Note however that your lawyer can raise a reasonable defense against this. For example, they can state that the payment of liens is taking longer because of some missing information from either party. They might also provide evidence to prove that they are not acting out of bad faith. If you still don’t have the settlement check because of a valid reason, then there’s no ground to sue.
How To Tell if Your Lawyer Is Cheating You on a Settlement
Recognizing the signs of unethical behavior can help you determine if your lawyer is cheating you. Here are some signs to watch out for:
Lack of Transparency
If your lawyer isn’t providing a clear and detailed accounting of your settlement funds, that’s a red flag right there. Ideally, you should have a full list of pending payments associated with your injury. This includes hospital bills, professional fees of doctors, prescription medications, therapy, property repair, and so on.
While lawyers are often busy, consistent delays or lack of response to your inquiries about your settlement are concerning. Make sure that every communication you have with your lawyer is in written format.
It can be via email, registered mail, or even a personal delivery of the letter. This way, it’s easy for you to prove that multiple attempts to communicate were made.
Your lawyer should be open to questions and ready to address legal concerns you may have. If they decline to answer your questions or give vague answers, this might also be another red flag.
Legal jargon often sounds complicated, and part of the lawyer’s job is to create a bridge between complicated legal concepts and the client. You want a lawyer who will explain the process to avoid confusion on your part.
Change in Fee
If your lawyer suddenly changes their fees without proper explanation or agreement, it’s a cause for concern. Keep in mind that the settlement agreement contains the value of the legal fees.
This serves as the contract between yourself and your lawyer. If the amount charged is different from the amount stated in the contract, then you have grounds to sue for breach. Do not be swayed by verbal assurances—an agreement reached in writing will always be superior to a verbal one.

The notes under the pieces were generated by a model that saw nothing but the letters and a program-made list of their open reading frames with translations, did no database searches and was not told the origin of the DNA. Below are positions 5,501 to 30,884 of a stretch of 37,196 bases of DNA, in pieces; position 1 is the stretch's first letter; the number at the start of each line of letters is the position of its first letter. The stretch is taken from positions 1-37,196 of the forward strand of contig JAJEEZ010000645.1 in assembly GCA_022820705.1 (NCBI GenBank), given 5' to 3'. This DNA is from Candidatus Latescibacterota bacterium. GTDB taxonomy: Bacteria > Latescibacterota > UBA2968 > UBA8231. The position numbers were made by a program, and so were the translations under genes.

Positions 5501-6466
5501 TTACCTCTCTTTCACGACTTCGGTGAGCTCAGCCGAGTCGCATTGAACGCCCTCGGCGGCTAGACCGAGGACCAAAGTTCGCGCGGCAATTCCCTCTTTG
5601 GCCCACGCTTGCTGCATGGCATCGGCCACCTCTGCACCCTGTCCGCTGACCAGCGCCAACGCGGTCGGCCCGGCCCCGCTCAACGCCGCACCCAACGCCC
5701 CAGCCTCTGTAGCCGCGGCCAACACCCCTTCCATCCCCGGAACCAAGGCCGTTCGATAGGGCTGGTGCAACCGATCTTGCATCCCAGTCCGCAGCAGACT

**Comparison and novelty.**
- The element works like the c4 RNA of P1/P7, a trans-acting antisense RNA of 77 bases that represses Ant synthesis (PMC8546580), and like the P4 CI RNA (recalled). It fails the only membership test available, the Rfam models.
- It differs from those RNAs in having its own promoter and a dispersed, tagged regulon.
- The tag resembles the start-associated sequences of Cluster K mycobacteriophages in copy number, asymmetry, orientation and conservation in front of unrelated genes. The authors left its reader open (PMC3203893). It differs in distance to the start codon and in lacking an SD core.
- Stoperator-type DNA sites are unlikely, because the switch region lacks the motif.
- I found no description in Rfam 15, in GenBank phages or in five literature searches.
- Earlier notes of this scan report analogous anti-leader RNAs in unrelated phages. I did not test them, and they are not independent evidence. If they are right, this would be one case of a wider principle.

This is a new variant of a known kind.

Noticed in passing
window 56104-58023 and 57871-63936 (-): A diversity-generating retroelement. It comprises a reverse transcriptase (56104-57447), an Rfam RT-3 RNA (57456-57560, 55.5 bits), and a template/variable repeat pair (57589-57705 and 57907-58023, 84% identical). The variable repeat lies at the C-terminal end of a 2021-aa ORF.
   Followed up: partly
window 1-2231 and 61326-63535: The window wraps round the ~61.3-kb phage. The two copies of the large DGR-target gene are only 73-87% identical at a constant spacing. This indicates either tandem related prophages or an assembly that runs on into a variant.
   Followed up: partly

Accounting of the funds should also be given upon deposit of the settlement check in your account. Part of your responsibility is to double-check the expenses to make sure that everything adds up and you’re getting the exact amount you should.
Pressure to Settle Quickly
This red flag should be quite obvious during the settlement process. If your lawyer is pressuring you to accept a settlement without adequately explaining the terms or giving you time to consider, they might not have your best interests in mind.
The White v. Kreithen case is a good example of such a scenario. The Pennyslvannia Superior Court ruled that the plaintiff was forced to settle for $150,000 to avoid going to trial due to the fact that their attorney did not have the case ready for trial. This was a case of legal malpratice.
How Much Do Lawyers Usually Take From Settlement?
Lawyers typically charge a contingency fee in personal injury cases. This means they receive a percentage of the final settlement, often between 33 and 40 percent. You only have to pay when the insurance company or liable party agrees to pay the settlement. Note though that this is not a fixed amount.
Some lawyers may ask for more or less depending on the complexity of the case. The experience of the lawyer is also factored in, with seasoned lawyers typically asking for higher rates to match the quality of their service.
Make sure that the percentage will be taken against the final settlement or the remaining amount after the deduction of the liens and other payables. This fee should be clearly stated in the agreement with the lawyer and should not include additional costs like court fees or expenses for medical records.
How Can I Track My Settlement Check?
Tracking your settlement check is easy enough to do once you understand the procedure it goes through before reaching your hands. There are mainly two ways to track your settlement check: